Music Transitions

in the depths
violins and cellos
, two beloved instructors
turn the
—–departure of
to end
and Art
the end.
call to
—–a complex
a different

Photo by Vernon Bankard

This is a different type of poem in that none of the words are my own.  They are all taken from an article written by Rebekah Taft for my school’s newspaper which you can find here.   Unfortunately I lost my print copy which showed the blackout method–I kept the words and punctuation in the same order I found them, and tried to keep the same look as the article.  (The online article has much different spacing and arrangement than the print article).  If I ever do find it, I will be sure to upload a picture.



14 Comments (+add yours?)

  1. AJ Walker (@ajwalker65)
    Nov 30, 2012 @ 03:33:53

    I like the way this flows after you introduce the two main characters. It’s very musical and fitting to the two instruments of violin and cello.


    • wordcoaster
      Nov 30, 2012 @ 04:00:21

      Thanks! This was an interesting prompt and a huge shift from my normal poetry–I was by no means comfortable in the attempt, but I do like diversity in poetry and think different styles can only improve a poet 🙂


  2. Sabio Lantz
    Nov 30, 2012 @ 06:33:12

    Skinny-lined poem! 😉
    But short and fun. Interesting — thank you. Very cool that it is from the school newspaper. Liked the photo too — also skinny snake sliding down the page.


    • wordcoaster
      Nov 30, 2012 @ 17:22:08

      Haha, I actually thought of your post when I linked this one in; it is (I believe) the only skinny-line poem you will find on my blog. I hope there wasn’t too much scrolling here. 🙂


  3. brian miller
    Nov 30, 2012 @ 07:22:51

    let summer in….a different life….love those bits toward the end there and they play well off each other as were able to come up with a very interesting story….well done….school newspaper….that is awesome….ha…


  4. Anna Montgomery
    Nov 30, 2012 @ 11:37:00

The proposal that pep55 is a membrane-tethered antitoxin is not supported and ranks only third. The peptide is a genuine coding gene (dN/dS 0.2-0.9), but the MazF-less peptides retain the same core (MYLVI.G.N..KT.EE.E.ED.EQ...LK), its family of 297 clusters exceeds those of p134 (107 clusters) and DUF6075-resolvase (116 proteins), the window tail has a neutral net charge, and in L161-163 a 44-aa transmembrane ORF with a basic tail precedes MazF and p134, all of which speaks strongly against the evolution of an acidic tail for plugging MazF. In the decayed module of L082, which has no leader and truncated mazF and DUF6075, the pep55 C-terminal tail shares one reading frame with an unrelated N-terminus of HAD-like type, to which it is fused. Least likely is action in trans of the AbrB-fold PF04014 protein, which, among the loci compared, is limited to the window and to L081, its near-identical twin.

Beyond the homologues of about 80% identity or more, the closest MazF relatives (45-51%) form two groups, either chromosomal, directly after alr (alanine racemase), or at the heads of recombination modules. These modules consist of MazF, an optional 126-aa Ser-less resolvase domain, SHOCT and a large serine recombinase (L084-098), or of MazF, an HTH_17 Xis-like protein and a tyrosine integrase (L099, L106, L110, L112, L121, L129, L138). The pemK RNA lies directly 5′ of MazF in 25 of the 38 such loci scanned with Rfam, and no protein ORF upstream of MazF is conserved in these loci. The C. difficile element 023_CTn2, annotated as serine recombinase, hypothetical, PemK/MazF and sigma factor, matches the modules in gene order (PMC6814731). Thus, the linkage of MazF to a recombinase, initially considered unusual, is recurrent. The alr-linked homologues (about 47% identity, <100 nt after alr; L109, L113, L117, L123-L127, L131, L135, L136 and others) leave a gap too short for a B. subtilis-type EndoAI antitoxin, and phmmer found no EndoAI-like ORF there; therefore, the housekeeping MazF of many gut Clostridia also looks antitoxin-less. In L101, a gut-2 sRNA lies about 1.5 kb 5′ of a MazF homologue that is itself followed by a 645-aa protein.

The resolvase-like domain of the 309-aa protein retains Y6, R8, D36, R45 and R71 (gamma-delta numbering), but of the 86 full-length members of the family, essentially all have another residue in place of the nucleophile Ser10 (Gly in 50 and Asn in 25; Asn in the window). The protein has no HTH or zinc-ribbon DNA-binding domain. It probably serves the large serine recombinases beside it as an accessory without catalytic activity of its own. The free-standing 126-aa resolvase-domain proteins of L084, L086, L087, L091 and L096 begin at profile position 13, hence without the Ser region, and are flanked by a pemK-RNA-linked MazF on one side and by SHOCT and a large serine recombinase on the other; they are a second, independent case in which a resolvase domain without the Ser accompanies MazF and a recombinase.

I really enjoyed that you took your source from a school newspaper. It was fascinating to see my interpretation of the poem and how it was impacted by the source. As a composer I found all your music references appealing and responded emotionally to the ending. Thanks for trying this with us!


    • wordcoaster
      Dec 03, 2012 @ 14:48:53

      Thanks, Anna! This was a wonderful prompt and I’m glad you saw the musical side of the piece–I’m not very musical myself, but I have a lot of family and friends who have given me a bit of music education over the years. 🙂


  5. jasmine calyx
    Nov 30, 2012 @ 12:19:45

    This is exactly the kind of poetry I love. And you’ve made me want to go back to this WordPress layout. It does make me happy. 🙂

    I adore your poem and will be back in a bit to comment more thoroughly. Fantastic.


    • wordcoaster
      Dec 03, 2012 @ 17:29:22

      Thank you so much–it’s funny, I tend to dislike the skinny-lined poem, but to each his or her own! So glad you enjoyed it, and I do like this layout–wish there were a few more whimsical choices for wordpress themes. But most people want minimalist blogs. Do come back, I love company 🙂


  6. Kim Nelson
    Dec 01, 2012 @ 00:41:29

    Your adherence to original form and punctuation makes this an even more interesting read, thanks to the tone and pacing you create within those confines.


    • wordcoaster
      Dec 03, 2012 @ 17:43:17

      Thank you so much; I wanted to try to find a poem within the article, not make a poem out of words in it. I guess there’s not much of a distinction between the two, but I’m glad you found the form was helpful in creating the tone and pace 🙂


  7. sreeja
    Dec 01, 2012 @ 11:22:00

    this sounds good….the way you wrote…and how it came out….very interesting!


    • wordcoaster
      Dec 03, 2012 @ 17:47:08

      Thank you! I can’t take credit for the writing, nor even the arrangement (for all the words appear in the same order as in the article), but I guess you could call me a good editor 😉


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